Traditional ways of learning required a teacher, a chalkboard, a desk, a ruler, pencil, and a textbook. A teacher with a stern, professional posture stood before the room with barely a smile on her face as she taught her class. This was the image seen in many movies, and some adults actually had her in their class many years ago. She or he may have conducted a rather boring class, spending a lot of time talking over your head or talking to the chalkboard. The teacher restricted the class to textbook studies only and quizzes and tests every week. Every now and then it was a real treat for students to watch a movie in her class, even if it was boring and the film jumped around on the screen. As for field trips, forget about it, students were lucky if they got to have an additional recess from time to time. Then when test time came, the worksheets seemed to be as old as them. Oftentimes a student, with a raised arm, would say, “I can’t read number 15.” Then other students would nod or murmur in agreement. It would be a long school year in Mr. or Ms. XYZ’s class.
Years ago, the Internet didn’t exist, so we will just excuse Ms. XYZ for not having readily accessible information that could give her the ideas to stimulate her students. She may have been too busy grading papers or tending to her own family. Whatever her excuse, she has none nowadays. There are plenty of websites, articles, and other ways to make learning fun for children. The following suggestions may help you as a parent, who would like to assist your children or the teacher, stimulate her skills while making life more interesting for her class.
1. When beginning a new subject or topic to teach, why not decorate the class related to a theme. For instance, if you will be teaching about dinosaurs, why not have posters hanging in your classroom about dinosaurs?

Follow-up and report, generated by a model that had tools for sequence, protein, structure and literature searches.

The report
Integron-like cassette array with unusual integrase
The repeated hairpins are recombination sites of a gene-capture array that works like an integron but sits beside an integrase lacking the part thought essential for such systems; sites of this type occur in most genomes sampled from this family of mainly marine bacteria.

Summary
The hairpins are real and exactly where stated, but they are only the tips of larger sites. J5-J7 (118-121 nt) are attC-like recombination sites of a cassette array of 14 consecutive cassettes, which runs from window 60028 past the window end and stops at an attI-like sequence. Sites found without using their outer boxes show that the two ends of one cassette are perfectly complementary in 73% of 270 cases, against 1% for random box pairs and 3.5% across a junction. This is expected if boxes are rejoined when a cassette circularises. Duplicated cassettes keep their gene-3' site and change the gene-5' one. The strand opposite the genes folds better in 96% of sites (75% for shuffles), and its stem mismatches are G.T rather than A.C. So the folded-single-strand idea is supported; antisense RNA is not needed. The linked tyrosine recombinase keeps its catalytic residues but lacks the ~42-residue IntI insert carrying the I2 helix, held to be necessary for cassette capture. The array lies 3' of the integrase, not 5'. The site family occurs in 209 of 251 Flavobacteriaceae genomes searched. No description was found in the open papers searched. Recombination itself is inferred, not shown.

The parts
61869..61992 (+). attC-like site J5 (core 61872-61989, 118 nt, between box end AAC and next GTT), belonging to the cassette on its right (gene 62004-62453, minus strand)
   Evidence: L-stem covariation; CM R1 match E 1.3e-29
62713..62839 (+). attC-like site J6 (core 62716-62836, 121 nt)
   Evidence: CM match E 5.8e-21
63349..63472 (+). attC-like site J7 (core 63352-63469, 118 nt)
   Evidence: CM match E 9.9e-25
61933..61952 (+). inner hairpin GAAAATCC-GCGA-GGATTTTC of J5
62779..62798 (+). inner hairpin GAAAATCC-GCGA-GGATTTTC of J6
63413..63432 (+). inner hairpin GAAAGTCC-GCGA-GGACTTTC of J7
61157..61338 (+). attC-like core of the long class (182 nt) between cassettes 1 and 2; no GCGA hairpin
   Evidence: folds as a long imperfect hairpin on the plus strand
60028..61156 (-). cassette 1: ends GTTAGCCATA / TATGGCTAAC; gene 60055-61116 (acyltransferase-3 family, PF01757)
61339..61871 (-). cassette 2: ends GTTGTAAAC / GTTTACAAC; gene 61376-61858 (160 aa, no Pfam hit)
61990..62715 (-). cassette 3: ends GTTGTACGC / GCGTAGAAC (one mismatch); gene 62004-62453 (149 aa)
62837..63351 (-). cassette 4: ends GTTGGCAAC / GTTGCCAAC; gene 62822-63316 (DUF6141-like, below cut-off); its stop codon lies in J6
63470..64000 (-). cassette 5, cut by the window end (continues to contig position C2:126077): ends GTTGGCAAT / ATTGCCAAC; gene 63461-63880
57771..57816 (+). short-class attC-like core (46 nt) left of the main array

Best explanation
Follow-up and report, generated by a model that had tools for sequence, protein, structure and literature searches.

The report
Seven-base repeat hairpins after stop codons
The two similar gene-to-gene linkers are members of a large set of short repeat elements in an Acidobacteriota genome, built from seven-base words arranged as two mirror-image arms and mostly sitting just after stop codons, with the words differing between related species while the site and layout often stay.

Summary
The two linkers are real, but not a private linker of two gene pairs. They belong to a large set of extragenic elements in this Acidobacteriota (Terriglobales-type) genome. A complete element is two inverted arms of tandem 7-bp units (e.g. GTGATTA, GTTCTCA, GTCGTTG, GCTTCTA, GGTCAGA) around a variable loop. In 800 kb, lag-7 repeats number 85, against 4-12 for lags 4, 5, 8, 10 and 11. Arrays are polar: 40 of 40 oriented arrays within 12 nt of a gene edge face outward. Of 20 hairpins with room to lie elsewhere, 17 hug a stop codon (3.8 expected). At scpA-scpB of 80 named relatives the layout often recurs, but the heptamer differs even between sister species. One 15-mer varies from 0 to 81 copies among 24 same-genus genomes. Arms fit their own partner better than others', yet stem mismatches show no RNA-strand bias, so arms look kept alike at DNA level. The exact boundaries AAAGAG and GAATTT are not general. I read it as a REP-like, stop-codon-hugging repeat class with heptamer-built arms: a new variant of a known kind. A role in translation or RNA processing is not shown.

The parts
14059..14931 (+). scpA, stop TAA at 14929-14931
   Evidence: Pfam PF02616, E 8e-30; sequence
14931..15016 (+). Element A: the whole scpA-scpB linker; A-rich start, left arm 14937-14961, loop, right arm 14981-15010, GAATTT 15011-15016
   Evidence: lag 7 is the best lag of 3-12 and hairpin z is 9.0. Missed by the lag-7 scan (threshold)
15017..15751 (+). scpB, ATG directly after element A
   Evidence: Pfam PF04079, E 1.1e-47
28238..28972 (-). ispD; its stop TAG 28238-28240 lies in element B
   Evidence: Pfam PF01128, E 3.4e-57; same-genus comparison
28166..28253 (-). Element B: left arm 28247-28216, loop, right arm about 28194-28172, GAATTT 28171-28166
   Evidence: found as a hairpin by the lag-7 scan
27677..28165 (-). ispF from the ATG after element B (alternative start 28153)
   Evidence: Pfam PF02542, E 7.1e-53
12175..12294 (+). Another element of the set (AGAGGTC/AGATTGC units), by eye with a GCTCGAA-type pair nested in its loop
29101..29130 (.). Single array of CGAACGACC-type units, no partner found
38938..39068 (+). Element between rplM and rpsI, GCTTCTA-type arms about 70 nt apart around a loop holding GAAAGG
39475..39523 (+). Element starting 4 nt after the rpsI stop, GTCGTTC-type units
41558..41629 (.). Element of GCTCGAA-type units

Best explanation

2. Provide something fun related to your topic that children could take home to color, solve a puzzle or show off such as stickers or a colorful book that they can keep.
3. Always have an interesting DVD ready to “kick off” a new subject.
4. Set a time during the day, maybe Friday, where the students are required to work on a project together related to the topic. Students could try to piece a puzzle together, watch a video and write or draw what they really like from it, or play a game that will help them remember what you have taught them.
5. You may want a speaker to come in and talk about the subject other than you. Find out from parents if they know someone that would be willing to come to the classroom to speak on the topic you are teaching. Have the speaker bring something with them that will help the students remember his or her visit.
6. Talk with other teachers about what you are doing, and maybe they would be willing to help you. They may be interested in getting their class to participate.
7. Research your local community for events that will aid you in your teaching. There may be a “free zoo day” and you just happened to be teaching on animals.
8. Watch out for sales. Sometimes, products you may need to accompany your topic can be purchased at a reasonable price.
9. Tell parents both verbally and physically how you can use their input.
10. Visit online forums, blogs or create your own social networking profile to connect with other teachers to exchange ideas.
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